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MTA moves forward with new R211 train cars after yearlong delay

The new cars have wider doors for quicker boarding, LED lighting, surveillance cameras, and more room for wheelchair users.
Marc A. Hermann/MTA New York City Transit

The Metropolitan Transportation Authority unveiled the first of its new R211 subway train cars to hit the tracks for testing at the South Brooklyn Marine Terminal Thursday, July 1, after more than a year of delays.

“We waited for a while to get these R211s and the impact for the city, for our customers, for the ridership — there is just no words for it, it’s going to be amazing and we’re looking forward to getting these trains on the rails,” said Demetrius Crichlow, executive vice president of subways at MTA New York City Transit.

The new models built by Japanese manufacturer Kawasaki at their plant in Lincoln, Nebraska, will be tested by MTA starting in the coming weeks, before the Authority starts rolling out hundreds of new train cars into service between September 2022 and 2024.

The brand-new R211 cars made their debut on the tracks at the South Brooklyn Marine Terminal in Sunset Park, Brooklyn, on July 1.Photo by Kevin Dugga

MTA contracted with Kawasaki to buy 535 of the cars for $1.4 billion, or just north of $2.6 million apiece, 440 of which will go into the subway, along with 75 for the Staten Island Railway.

Another 20 will have the so-called open gangway design, which connects each car with an accordion-style pathway allowing passengers to walk from one end of the train to the other.

The Authority also has the option to add more trains bringing the total fleet up to 1,612, according to Crichlow.

MTA unveiled prototypes for the cars all the way back in late 2017 on the mezzanine of the 34th Street-Hudson Yards station in Manhattan.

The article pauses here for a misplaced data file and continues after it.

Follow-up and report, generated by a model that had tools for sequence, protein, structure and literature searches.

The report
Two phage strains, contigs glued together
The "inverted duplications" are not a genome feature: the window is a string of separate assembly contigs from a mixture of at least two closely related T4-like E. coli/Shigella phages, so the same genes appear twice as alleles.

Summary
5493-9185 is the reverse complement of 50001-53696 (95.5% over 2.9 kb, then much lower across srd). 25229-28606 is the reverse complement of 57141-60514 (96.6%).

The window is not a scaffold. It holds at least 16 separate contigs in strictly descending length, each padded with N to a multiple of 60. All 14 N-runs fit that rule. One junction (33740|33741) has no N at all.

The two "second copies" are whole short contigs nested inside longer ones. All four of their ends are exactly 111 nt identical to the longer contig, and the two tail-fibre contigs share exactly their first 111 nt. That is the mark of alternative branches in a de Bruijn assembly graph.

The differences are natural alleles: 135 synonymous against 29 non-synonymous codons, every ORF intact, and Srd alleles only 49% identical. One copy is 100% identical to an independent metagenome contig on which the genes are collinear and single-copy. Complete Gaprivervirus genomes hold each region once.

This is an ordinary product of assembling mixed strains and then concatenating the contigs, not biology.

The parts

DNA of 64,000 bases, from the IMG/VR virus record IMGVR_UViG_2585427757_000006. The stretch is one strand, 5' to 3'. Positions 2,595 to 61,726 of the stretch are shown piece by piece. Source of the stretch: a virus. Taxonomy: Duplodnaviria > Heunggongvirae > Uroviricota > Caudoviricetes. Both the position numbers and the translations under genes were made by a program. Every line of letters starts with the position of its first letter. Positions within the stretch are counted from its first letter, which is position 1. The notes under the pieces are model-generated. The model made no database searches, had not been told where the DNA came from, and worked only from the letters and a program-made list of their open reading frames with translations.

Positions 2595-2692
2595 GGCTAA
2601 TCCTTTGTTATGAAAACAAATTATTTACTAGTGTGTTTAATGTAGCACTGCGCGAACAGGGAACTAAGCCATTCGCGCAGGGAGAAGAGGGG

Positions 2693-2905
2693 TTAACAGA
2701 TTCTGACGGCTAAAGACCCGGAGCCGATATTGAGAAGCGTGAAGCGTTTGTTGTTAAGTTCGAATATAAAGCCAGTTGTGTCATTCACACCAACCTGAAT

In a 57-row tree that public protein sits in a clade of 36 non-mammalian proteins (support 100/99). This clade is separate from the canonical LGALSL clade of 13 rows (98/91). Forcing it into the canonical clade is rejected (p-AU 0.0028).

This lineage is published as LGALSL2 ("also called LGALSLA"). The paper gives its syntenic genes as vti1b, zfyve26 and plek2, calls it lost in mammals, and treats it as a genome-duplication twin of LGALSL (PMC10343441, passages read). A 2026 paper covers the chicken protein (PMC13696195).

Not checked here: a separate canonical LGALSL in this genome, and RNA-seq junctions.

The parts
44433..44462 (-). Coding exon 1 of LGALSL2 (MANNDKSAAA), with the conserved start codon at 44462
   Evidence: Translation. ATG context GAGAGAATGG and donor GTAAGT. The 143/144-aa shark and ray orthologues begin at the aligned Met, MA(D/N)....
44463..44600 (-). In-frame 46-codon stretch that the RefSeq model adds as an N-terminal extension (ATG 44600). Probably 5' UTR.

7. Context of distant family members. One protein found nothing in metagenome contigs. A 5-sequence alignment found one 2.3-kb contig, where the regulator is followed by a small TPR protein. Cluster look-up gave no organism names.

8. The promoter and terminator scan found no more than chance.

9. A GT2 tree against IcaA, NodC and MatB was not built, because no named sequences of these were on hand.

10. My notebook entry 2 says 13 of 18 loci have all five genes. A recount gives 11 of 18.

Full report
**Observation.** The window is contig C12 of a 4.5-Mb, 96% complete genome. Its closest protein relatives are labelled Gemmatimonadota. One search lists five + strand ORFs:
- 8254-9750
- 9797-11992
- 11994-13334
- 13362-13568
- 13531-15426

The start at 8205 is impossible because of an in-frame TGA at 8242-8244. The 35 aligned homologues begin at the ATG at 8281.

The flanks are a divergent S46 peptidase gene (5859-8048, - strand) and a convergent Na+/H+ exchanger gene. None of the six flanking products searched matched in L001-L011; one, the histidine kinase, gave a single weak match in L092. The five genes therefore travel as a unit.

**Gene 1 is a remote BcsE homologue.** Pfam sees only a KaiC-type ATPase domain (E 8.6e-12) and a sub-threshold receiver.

The R211s will replace the 40-year-old R46 trains, seen here at Rockaway Park-Beach 116 St. station in Queens.Marc A. Hermann/MTA New York City Transit

The first batch was supposed to debut in June 2020, but delivery was set back by the COVID-19 pandemic and “technical difficulties” on Kawasaki’s behalf, specifically with their propulsion software, according to MTA officials.

The shiny new trains will replace the old R46 models which date back to the late 1970s and the new cars offer an array of flashy specs, including LED lighting, digital displays, more fold-up seats that offer room for wheelchair users, and surveillance cameras.

The doors will also be eight inches wider than other subway cars — 58 inches instead of 50 inches — allowing for faster boarding times. Transit officials estimate that will reduce the time a train waits for people to get on and off, known as dwell time in jargon, by 25-30 percent.

Coupled with the new signaling system known as Communications-based Train Control, or CBTC, which MTA is installing on select lines, this will allow the agency to run more trains closer together and increase service.

The R211 trains will test-run on the Eighth Avenue Line, which carries the A and C trains, as well as the Queens Boulevard Line, which runs the E, F, M, and R trains.

To mark the maiden voyage, MTA pulled the cars onto the tracks at the Sunset Park waterfront rail terminal at 39th Street and First Avenue before sending them to the Coney Island Yard in Gravesend on the tracks of the D line.

Dozens of train buffs and other onlookers flocked to see the spectacle, including one Brooklynite who said he liked the new colors across the front of the cars in New York State’s blue and gold.

Train buffs flocked to the unveiling of the new R211 trains in Brooklyn on July 1.Photo by Kevin Duggan

“The design in the front looks different from the others,” said Jamie Lessey, who said he’s been following the R211’s progress since they were first announced almost four years ago. “Since they ordered it in 2017, I’ve been checking every single day.”

The promised better service was most appealing to another youngster who traveled all the way from East Harlem to witness the new trains.

“It’s going to be a lot more reliable,” said Natassia Rodriguez.

This story first appeared on AMNY.com.

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